Exciting New Dyslexia Research
Research into dyslexia has advanced further than research into other neurodevelopmental disorders such as ADHD. While this is exciting news, looking over studies can be a little overwhelming. This is why we are happy to have come across a piece which highlights some of the exciting new research being conducted. We heard it on Boston’s NPR news station, WBUR, and would like to share the key points of the program with you. We hope that you find this information as exciting as we do!
As mentioned in previous blog posts, dyslexia continues to be misunderstood, and identification and intervention are often not smooth processes. Students continue to struggle with overcoming misconceptions about dyslexia, and as one student described, are forced to deal with the burden of explaining that they are “not stupid….just dyslexic” to their peers. Hearing about the difficulties faced by students with dyslexia is heartbreaking and it’s tough to hear of the often painful and time consuming workarounds which students use to compensate for their reading difficulties. The good news is that new research has the potential to aid in early identification of dyslexia, and in turn help children avoid the stigma that comes with this learning difference.
A promising study investigating the genetics of dyslexia is being conducted at Boston Children’s Hospital in collaboration with neuroscience work at MIT. It shows that it is possible to pick up some of the signs of dyslexia in the brain earlier than we thought before- even before kids learn to read. In preliminary findings, researchers share that “brain measures taken in kindergartners
[…] can significantly improve predictions of how well, or poorly, the children can master reading later on.” This is thanks to having pin pointed a specific neural pathway, called the arcuate fasciculus, that appears to be related to dyslexia. While scientists agree that we’re not able to simply take a picture of a brain and predict whether or not a child will have dyslexia, research is currently conducted to get closer to that point. Nadine Gaab, a neuroscientist and assistant professor of pediatrics at the Children’s Hospital, theorizes that “even at birth, or shortly after, children’s brain structures can show signs of developing the disorder.” She hopes that current research will trickle down to classrooms and help eliminate the “dyslexia paradox.” This paradox centers around the fact that while early interventions are the most effective, a student has to have several years of reading failure before they can receive the diagnosis of dyslexia and the interventions that follow.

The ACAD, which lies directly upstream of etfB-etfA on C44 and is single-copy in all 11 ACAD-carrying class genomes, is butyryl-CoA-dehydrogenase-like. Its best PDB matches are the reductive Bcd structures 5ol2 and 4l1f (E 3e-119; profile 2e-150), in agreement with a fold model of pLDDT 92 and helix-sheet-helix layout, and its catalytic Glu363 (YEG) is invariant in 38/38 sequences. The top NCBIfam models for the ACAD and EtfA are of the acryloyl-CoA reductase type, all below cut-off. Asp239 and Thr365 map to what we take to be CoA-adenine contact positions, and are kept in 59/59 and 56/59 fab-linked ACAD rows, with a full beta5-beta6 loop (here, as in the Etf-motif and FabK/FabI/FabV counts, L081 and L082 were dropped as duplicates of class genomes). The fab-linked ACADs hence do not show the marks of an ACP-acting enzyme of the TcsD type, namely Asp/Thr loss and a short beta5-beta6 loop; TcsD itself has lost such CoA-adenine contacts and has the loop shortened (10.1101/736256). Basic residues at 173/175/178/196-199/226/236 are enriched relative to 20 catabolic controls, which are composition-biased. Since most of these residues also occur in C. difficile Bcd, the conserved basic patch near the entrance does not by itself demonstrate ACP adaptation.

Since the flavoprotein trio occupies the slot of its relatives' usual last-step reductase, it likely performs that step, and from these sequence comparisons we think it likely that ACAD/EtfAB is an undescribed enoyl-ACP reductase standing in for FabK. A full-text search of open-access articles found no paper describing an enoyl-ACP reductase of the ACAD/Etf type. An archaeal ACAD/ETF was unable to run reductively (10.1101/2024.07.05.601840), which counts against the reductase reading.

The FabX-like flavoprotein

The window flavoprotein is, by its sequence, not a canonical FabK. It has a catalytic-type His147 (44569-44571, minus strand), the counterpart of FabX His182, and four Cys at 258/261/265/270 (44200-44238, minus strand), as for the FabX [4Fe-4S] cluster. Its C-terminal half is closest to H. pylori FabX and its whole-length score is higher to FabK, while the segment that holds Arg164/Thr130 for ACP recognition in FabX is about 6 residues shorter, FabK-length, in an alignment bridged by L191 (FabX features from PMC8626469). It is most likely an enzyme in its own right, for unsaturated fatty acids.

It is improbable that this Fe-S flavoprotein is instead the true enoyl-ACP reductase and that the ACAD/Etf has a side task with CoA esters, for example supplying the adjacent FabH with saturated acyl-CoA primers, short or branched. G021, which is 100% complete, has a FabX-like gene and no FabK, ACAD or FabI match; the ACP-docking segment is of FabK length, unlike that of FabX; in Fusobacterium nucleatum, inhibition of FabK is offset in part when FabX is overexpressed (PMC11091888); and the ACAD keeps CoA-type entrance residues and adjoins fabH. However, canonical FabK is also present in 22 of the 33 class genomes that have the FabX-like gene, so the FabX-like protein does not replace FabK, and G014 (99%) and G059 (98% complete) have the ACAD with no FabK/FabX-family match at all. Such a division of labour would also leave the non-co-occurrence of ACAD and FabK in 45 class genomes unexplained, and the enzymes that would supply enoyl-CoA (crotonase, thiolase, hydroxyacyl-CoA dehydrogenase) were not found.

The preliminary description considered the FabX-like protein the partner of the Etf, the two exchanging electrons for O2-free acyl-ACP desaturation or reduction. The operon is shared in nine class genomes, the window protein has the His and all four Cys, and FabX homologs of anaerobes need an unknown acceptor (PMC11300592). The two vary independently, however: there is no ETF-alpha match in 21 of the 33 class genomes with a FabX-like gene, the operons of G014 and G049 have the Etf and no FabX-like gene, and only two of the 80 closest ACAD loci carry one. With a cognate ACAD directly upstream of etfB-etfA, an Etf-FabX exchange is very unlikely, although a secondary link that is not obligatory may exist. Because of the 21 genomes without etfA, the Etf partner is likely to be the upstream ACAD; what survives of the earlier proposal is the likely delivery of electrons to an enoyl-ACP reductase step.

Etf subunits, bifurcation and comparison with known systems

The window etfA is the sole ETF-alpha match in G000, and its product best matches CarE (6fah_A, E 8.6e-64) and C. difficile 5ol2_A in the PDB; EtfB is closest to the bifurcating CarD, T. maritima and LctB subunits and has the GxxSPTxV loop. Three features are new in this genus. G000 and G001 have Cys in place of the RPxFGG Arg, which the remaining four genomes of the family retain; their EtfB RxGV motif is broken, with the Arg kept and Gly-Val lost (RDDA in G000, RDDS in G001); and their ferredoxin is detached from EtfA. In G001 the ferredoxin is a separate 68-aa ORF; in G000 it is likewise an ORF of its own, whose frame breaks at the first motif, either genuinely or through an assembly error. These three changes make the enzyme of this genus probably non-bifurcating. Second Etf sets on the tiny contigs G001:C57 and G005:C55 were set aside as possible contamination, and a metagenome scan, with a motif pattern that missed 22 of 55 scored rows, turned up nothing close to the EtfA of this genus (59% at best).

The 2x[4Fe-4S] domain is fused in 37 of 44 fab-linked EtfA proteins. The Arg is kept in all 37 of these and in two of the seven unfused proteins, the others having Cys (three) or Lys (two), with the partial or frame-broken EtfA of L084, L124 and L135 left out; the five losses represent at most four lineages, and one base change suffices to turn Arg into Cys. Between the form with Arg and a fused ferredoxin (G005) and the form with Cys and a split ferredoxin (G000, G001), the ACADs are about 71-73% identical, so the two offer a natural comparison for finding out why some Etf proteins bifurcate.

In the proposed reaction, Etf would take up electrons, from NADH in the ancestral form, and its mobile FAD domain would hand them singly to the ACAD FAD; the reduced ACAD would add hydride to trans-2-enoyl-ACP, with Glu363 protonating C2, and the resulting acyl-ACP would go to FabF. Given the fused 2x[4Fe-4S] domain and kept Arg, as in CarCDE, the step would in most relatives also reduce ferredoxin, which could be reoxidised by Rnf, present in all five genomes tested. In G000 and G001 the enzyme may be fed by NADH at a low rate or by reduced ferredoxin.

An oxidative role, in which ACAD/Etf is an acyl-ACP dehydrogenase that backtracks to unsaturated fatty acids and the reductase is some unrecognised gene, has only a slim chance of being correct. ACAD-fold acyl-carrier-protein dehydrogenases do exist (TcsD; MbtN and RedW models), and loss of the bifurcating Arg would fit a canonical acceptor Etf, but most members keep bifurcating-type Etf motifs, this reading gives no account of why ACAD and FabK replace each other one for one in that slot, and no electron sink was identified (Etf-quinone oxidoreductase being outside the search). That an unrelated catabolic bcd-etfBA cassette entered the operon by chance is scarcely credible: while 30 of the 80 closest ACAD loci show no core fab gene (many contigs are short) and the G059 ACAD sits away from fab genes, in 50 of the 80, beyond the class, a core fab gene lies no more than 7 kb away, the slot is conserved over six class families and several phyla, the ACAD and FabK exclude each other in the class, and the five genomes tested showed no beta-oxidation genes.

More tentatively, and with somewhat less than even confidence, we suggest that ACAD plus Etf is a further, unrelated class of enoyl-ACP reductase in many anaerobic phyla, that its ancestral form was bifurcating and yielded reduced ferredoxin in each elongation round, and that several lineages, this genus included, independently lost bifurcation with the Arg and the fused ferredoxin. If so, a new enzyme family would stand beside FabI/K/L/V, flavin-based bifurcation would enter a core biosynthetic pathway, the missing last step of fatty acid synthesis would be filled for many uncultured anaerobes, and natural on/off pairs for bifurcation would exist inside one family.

This new finding may start to influence how dyslexia is tackled and can go a long way in providing those with dyslexia with earlier interventions. These interventions could in turn allow the effects of the learning difference to be addressed before they affect learning ability in a more severe way, and would give students with dyslexia a self esteem boost, and, maybe most importantly, a chance to realize how amazing and full of talent and creativity they are. Dr. Eric Falke, director of cognitive interventions and research at the Carroll School- a school specializing in language-based learning disabilities, captures the importance of early intervention when he states that “a small intervention earlier on could potentially have a huge impact on a person’s life.”
While the study isn’t finished yet, and it might be some time before its results are implemented in the form of fitting interventions and supports, as one parent states, the prospect of earlier intervention for children with dyslexia “gives the entire community […] an opportunity to just keep kids away from seeing themselves as not smart or worthless, and seeing them really reaching amazing potential.” We think that this is huge. We will follow the research discussed in this post and let you know of the final outcomes of the study, as well as any possible applications of the research as they appear.
For your convenience, here is the link to the article.